Printable Forces Of Nature Worksheets

Nature has awesome power. The power to heal itself and to equally destroy things in the process of cleaning itself. Mandy, one of our editors shared what one of her very clever Kindergarten students recently said, "Man! Mother Earth really takes violent showers! She probably just can't find her sponge. Somebody should tell her that the sponges are in her Ocean!" Here are a number of worksheets that help us appreciate nature.

  1. Acrostic Poem
  2. Bank On It!
  3. Cryptogram
  4. Do The Research!
  5. Eye of The Storm
  6. Group Creative Writing
  7. If I Were A.... ?
  8. KWL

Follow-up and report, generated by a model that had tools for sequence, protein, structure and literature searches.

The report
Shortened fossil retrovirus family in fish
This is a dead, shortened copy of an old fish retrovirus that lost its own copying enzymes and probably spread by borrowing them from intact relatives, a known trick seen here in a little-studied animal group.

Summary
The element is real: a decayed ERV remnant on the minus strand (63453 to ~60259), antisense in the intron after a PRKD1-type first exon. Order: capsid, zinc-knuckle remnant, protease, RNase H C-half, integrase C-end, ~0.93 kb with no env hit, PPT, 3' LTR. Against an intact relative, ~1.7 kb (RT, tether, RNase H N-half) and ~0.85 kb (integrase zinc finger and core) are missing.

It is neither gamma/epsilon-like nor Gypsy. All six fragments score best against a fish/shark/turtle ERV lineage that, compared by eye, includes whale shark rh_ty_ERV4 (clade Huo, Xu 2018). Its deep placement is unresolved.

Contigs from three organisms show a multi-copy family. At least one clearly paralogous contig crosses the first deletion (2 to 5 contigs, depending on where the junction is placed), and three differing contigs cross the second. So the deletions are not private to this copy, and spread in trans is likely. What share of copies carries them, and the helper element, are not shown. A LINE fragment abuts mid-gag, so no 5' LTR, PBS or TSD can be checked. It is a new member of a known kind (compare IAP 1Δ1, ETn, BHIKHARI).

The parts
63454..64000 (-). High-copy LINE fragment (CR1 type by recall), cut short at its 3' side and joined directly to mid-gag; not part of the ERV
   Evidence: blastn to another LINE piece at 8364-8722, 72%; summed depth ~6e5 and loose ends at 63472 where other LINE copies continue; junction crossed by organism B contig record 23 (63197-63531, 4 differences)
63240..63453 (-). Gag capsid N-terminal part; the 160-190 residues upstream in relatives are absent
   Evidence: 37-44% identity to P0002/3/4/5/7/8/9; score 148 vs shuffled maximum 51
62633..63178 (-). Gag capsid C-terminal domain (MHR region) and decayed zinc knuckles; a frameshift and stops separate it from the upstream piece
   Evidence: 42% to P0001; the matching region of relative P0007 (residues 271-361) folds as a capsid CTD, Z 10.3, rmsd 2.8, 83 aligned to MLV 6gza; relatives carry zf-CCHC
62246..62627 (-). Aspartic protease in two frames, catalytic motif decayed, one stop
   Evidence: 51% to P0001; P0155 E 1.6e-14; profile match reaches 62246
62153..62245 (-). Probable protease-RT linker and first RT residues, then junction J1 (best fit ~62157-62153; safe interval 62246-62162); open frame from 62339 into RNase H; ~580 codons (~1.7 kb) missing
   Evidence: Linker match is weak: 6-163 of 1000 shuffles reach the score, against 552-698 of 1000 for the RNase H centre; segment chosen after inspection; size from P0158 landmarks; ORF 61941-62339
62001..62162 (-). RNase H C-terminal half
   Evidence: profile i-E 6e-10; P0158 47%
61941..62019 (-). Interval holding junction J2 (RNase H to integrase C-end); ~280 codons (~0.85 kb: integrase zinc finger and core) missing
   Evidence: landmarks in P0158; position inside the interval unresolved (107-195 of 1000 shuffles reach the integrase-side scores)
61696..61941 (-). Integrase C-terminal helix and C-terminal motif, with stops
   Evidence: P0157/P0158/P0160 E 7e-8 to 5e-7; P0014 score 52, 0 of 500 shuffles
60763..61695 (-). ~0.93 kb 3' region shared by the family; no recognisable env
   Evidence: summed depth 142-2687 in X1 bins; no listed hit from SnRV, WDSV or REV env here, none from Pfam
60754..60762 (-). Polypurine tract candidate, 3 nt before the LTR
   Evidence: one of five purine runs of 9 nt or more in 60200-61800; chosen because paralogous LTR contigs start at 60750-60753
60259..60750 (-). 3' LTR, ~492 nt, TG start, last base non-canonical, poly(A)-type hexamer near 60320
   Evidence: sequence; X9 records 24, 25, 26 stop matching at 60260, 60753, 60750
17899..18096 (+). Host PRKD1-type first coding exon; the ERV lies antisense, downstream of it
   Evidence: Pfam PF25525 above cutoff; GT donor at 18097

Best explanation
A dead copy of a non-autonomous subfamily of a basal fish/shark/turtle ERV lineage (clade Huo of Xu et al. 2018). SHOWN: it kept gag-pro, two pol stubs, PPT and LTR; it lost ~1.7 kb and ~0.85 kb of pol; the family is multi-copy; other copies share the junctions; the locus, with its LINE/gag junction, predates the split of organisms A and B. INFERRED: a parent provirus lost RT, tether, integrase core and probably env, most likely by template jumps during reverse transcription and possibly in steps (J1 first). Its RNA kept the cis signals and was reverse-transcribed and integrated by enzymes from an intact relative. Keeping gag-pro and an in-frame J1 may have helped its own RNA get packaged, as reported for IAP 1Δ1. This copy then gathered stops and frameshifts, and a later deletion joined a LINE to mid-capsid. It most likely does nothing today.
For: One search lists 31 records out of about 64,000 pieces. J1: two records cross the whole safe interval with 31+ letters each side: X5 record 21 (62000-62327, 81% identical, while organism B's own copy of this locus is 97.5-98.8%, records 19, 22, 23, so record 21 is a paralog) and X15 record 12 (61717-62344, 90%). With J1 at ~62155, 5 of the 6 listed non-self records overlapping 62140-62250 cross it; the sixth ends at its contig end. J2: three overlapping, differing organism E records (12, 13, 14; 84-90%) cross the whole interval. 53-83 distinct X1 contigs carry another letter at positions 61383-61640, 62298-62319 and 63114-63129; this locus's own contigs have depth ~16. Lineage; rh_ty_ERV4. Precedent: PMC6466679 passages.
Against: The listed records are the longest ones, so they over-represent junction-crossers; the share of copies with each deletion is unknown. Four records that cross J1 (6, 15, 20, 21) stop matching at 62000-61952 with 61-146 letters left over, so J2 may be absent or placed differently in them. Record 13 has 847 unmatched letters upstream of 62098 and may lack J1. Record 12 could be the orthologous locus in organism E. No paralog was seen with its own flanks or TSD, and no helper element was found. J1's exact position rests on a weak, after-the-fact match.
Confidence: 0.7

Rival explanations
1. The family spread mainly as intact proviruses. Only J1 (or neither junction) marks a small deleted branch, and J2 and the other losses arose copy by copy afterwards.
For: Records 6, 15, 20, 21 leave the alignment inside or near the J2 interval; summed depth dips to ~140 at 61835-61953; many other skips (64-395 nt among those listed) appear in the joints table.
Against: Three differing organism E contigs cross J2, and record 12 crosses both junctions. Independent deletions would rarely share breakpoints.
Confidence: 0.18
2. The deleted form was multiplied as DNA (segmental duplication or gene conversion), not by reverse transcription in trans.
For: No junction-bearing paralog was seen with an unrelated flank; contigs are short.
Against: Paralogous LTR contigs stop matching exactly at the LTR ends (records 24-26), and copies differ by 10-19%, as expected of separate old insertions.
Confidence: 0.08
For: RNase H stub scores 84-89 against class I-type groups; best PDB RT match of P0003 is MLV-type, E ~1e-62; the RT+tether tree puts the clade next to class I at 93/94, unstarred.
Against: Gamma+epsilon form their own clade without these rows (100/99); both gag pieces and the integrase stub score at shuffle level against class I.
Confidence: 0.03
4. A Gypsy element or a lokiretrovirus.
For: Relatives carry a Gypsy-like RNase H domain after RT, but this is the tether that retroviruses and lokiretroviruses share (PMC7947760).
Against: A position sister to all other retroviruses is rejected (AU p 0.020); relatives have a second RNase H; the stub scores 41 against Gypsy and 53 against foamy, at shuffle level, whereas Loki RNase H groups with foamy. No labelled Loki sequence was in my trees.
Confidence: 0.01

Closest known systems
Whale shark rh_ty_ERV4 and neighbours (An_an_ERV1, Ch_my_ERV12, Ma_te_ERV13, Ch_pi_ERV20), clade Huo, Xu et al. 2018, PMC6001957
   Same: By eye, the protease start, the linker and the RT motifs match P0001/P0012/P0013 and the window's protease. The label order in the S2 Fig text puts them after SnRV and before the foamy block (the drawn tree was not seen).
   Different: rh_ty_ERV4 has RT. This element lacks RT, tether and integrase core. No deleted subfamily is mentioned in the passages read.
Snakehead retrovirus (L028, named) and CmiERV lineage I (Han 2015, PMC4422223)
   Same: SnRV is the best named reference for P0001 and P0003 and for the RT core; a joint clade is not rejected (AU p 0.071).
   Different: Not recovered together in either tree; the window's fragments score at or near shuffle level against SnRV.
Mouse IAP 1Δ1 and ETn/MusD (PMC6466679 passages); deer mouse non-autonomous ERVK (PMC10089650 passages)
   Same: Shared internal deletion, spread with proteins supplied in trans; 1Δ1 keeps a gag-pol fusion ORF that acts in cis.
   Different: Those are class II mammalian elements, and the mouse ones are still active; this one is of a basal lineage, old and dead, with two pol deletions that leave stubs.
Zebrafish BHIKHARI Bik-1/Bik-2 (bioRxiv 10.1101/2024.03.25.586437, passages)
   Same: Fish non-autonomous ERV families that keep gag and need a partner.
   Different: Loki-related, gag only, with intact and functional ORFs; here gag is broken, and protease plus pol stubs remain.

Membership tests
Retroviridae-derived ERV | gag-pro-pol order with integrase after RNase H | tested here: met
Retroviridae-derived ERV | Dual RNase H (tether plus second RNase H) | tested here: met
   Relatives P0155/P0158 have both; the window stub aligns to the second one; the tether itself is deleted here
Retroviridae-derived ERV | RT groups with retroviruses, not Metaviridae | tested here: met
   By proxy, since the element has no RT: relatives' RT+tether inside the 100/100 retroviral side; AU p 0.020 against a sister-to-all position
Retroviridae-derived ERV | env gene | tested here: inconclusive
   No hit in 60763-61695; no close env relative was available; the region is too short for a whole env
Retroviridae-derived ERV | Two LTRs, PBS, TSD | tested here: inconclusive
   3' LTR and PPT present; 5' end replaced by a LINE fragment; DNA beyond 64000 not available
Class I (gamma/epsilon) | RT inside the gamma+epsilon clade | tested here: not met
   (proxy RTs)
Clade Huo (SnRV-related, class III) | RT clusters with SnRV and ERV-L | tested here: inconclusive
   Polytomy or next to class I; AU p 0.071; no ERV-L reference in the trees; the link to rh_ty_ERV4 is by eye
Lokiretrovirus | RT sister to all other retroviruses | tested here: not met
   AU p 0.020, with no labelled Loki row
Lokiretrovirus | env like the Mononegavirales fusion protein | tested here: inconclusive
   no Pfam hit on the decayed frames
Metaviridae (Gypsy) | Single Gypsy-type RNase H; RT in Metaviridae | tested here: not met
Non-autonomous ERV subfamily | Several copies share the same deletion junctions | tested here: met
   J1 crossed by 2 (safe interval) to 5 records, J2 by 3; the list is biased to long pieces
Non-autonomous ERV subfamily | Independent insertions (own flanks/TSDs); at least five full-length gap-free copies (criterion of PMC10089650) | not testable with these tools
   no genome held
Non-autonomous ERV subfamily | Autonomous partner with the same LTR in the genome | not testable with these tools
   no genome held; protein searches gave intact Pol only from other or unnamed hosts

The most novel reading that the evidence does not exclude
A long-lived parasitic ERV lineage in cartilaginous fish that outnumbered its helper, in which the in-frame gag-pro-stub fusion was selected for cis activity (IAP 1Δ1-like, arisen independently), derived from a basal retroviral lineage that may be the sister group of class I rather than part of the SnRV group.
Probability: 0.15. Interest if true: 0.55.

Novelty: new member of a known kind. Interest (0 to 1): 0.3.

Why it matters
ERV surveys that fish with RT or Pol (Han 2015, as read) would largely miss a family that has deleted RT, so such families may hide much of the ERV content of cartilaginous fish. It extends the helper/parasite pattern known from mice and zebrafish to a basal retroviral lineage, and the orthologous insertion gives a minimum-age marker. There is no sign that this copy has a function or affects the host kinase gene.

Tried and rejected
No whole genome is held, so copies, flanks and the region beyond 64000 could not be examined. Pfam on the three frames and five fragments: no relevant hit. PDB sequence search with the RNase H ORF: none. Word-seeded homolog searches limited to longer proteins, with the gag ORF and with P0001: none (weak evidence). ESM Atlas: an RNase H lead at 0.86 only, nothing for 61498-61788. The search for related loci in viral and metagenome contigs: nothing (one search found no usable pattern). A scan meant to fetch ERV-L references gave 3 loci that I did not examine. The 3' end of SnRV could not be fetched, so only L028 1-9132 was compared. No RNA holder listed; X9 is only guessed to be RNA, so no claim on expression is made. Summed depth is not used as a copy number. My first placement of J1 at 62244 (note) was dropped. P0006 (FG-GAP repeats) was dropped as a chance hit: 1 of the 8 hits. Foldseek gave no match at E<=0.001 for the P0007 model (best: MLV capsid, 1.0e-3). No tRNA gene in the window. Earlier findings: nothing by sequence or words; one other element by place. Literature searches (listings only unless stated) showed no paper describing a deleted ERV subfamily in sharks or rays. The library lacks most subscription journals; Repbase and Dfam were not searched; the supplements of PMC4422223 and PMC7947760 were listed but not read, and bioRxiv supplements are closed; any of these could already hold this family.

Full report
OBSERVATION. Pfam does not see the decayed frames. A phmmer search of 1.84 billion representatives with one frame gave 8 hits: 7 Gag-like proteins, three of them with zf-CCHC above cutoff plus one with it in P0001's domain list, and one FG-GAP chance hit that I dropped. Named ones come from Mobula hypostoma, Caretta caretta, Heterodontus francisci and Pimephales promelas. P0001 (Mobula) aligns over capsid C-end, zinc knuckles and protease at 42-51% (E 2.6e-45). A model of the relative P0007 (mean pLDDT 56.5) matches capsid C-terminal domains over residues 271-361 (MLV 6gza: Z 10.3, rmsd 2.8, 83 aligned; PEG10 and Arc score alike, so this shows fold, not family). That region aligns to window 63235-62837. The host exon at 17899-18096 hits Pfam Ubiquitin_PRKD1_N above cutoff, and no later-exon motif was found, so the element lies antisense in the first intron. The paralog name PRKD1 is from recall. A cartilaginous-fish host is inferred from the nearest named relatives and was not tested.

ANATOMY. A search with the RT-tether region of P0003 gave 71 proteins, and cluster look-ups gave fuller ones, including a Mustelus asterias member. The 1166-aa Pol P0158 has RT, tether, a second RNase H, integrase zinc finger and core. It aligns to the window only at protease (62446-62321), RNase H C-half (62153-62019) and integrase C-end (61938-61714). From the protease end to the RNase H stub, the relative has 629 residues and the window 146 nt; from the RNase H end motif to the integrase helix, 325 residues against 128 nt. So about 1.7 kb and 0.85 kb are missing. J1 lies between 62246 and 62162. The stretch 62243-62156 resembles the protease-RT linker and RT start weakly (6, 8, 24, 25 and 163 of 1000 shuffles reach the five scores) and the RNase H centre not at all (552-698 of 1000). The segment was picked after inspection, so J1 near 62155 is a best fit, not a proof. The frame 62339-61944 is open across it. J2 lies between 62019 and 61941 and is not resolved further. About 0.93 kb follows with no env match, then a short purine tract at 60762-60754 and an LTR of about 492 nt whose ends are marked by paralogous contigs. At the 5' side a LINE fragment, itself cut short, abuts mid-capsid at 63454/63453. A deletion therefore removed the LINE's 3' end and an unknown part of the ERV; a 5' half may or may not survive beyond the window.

9. Maze
  10. Reading Comprehension
  11. Thick Cloud
  12. Venn Diagram: Comparing Hurricanes and Tornadoes
  13. Vocabulary List & Definitions
  14. Vocabulary Quiz
  15. Weather Songs: Hurricane
  16. Weather: Tornado Adjectives Worksheet
  17. Word Chop
  18. Word Search

Nature Teacher Resources

  1. Forces Of Nature Teaching Theme
  2. Hurricane and Tornadoes Worksheets
  3. Hurricane and Tornadoes Teaching Theme
  4. Tsunami Teacher Worksheets
  5. Tsunami Lesson Plans
  6. Tsunami Teaching Theme
  7. Weather Lesson Plans
  8. Weather Teaching Theme

Forces of Nature Bulletin Boards

  1. Bread
  2. Clouds
  3. Lightning
  4. House in Tornado
  5. Rain
  6. Storm Cloud Laugh
  7. Thunder
  8. Thunder Color
  9. Tornado
  10. Whirlwind

The Four Fundamental Forces of Nature